Mike Hodgson wrote:Are you expecting to have a freight come in and spend a couple of hours shunting using the train engine, whilst passenger services come and go? This is much more plausible economically (although it still assumes a more intensive passenger service than seems likely in rural Wales), but locking using only Annetts keys on the train staff would again be very limiting. Many branches were worked like that without needing full signalling, but it was typically a freight train using a two or three hour window in a sparse passenger timetable, and that meant it could carry the train staff.

Yes - freight messing about while passengers come and go - needs to be able to happen even if a train is on the way from PLJ or on the way back which will take something like 12/15 minutes each way at 20MPH. As late as 1923 before passenger trains were withdrawn, the real Nantlle had 12 scheduled passenger departures a day M-F and 16 on Saturdays. Thursday evening (choir practice, perhaps?) had an extra one. That's quite busy in my estimation once you add in maybe a pickup freight or two, two cattle/sheep trains a week for market days and slate trains.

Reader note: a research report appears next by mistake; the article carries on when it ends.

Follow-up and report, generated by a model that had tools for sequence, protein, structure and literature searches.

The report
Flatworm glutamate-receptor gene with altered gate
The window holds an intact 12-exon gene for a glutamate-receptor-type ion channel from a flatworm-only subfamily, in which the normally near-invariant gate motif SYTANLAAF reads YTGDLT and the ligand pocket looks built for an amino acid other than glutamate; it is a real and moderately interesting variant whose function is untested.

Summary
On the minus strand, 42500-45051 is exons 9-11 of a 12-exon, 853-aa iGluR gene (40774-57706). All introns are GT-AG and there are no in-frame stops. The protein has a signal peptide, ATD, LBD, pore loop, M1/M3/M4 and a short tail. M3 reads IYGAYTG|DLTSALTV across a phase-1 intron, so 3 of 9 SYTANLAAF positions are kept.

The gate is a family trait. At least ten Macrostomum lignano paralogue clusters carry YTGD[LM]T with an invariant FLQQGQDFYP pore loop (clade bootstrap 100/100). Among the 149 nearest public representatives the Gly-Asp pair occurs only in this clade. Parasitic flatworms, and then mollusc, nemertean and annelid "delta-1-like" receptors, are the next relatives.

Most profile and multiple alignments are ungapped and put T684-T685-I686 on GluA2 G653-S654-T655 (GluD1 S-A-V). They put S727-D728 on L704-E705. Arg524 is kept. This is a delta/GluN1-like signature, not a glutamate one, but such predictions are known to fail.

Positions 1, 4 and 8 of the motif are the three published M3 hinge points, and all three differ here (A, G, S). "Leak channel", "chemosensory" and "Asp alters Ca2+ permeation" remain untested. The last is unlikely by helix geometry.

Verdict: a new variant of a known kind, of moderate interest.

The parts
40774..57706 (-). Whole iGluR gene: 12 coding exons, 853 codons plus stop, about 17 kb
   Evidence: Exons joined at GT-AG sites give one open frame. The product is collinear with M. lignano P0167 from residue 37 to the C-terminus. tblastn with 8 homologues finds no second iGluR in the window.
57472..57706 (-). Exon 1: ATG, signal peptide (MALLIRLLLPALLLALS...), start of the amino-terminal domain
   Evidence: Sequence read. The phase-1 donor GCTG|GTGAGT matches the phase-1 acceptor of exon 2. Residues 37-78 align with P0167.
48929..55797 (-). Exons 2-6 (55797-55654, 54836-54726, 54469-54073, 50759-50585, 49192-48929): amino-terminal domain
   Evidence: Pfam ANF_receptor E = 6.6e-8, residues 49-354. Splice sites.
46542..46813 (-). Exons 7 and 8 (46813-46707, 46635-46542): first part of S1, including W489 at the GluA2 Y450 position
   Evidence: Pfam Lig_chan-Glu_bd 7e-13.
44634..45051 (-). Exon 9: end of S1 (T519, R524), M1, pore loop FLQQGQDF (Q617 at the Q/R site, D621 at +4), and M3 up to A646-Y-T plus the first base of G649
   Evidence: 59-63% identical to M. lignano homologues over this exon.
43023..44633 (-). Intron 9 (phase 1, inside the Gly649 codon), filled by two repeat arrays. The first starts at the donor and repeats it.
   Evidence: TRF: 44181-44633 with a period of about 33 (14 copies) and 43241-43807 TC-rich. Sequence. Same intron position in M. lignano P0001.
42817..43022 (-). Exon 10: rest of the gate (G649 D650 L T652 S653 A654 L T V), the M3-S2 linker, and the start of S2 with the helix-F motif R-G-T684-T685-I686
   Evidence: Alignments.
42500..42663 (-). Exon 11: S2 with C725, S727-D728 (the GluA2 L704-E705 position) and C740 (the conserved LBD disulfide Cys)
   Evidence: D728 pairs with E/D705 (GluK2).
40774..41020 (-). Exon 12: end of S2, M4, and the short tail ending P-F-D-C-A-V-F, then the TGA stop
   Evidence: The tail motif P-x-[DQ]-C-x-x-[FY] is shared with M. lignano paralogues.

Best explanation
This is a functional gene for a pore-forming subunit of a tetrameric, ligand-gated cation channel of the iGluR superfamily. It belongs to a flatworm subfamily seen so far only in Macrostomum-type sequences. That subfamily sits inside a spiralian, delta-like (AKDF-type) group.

Mike Hodgson wrote:Much as I like co-actors, I don't see the case for one here (15) although the LNWR were unduly fond of tall posts. Since any departing train is starting from rest, you don't need to see it from afar, so surely all you need is a short post to provide visibility under the bridge.

Gone.

Mike Hodgson wrote:I don't know what LNW practice was with running shunts, but 3/4/5 signals seem a long way past the Home signal. I'd be happier with a running signal there, but if you follow KBarber's advice and dispense with 7 crossover, I think you should be moving 1 signal to that spot anyway.


I did eliminate one crossover but made it No 9 that met with the acetylene torch - it was a facing three-way point - which I suspect would be unusual for a passenger line? So that led me to adding a real signal 3/4/5, but alternatively I could have just added a second minature arm to the #1 bracket for the #10 entrance to goods yard and a calling-on arm for movements into the occupied platform? I guess the difference is in having to shunt out goods from the lower yard beyond the #1 bracket versus just clearing the #10 crossover, reversing them into the platform road and then running around them there. But maybe its swings and roundabouts and such a move would be made controlled with flags anyway so simplicity and less levers would rule.

Mike Hodgson wrote:My problem is more to do with the general geography of the station than its signalling, and of course any changes you may make to the station layout will impact the signalling. The goods shed location looks fairly improbable.